You’ll never forget that sucker punch moment when your best stylist or therapist tells you that she’s leaving – and worse still, she’s going to set up her own salon down the road.
You mentored her, you nurtured her, you paid her a decent salary and helped her to build a busy column and now you’re scared she’s going to take all of her clients (the ones you helped her to generate) with her.
It’s enough to make the calmest, most agreeable, salon owner blow smoke out of their ears, scream, shout and enter into a price war.
But here’s the thing. Don’t get angry, GET CLEVER….
Whatever you do, don’t retaliate to anything and definitely don’t bad mouth them (even if you’d like to).
If she has anything about her, she’s likely to have an opening party, so you need to host a client indulgence evening really quickly to promote your brand and make your clients feel valued.
You also need to be brave and start reconnecting with her clients. Target everyone that has gone with your ex-employee and invite them in for a free service in exchange for a customer review.
This is your opportunity to introduce them to a new stylist or therapist, so bespoke the appointment around services that they have had before. If you’re confident in what you offer, then they will love it and you’ll win their custom back.
If the feedback isn’t so good, it’s time to be a little humble. Don’t just ask them to complete an online questionnaire, sit down and say to them ‘we understand we haven’t got it right all the time, so we’re inviting you back in to set our standards’.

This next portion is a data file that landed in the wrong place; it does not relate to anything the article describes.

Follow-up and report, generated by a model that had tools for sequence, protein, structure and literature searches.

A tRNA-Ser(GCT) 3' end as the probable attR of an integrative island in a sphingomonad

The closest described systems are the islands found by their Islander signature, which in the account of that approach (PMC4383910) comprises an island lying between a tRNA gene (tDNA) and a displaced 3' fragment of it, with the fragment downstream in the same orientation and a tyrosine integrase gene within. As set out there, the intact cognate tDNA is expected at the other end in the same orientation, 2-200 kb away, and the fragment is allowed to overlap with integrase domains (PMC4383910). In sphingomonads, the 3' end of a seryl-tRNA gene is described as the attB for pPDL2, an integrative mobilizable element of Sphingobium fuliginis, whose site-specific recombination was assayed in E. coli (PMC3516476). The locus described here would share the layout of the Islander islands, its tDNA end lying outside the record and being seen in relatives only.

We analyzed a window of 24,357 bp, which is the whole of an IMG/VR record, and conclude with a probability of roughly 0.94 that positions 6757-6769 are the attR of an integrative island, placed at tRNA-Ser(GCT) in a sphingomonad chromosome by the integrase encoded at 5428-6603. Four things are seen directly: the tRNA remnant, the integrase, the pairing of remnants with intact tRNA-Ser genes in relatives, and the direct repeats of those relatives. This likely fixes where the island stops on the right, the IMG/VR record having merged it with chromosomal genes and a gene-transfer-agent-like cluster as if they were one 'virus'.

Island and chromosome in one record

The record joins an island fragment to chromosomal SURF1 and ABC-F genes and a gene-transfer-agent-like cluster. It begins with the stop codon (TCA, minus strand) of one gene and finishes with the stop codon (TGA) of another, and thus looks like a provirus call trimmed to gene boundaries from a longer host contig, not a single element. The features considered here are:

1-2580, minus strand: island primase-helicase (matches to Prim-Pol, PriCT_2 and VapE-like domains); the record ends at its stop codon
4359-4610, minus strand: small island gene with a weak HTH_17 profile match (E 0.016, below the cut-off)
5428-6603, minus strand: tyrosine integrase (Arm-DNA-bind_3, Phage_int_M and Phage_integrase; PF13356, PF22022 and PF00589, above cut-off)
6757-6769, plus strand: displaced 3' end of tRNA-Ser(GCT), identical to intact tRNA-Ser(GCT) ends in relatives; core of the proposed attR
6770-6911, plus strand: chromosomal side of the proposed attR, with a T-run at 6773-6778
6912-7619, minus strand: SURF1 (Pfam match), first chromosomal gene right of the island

By listening to these clients you will understand the areas that you can improve to regain your status as the go-to local salon.
When the star performer leaves, there’s a bit of a tendency to start handing out pay rises to everyone else to keep them happy. Don’t make that mistake. All you’re doing is creating a culture of kidnap and ransom.
But it is important to show them – and your clients – that they matter in other ways. Use social media and all of your marketing to sell their strengths and really focus on their USPs. If you have a new starter, give them a big introduction, telling everyone how fantastic they are and how much they are going to enjoy their skills.
And when the dust settles, don’t play the blame game. Perhaps your company policy was part of the problem, so it’s time to sit down and work out what went wrong and immediately start to rectify the situation.
This post was initially written to promote an inspirational presentation Penny was giving at Professional Beauty and a version has previously appeared on the Professional Beauty website. If you’ve found yourself in a situation where your best stylist or therapist has left, contact Penny on 07768383954 or email email@example.com for more advice on how to best manage the situation.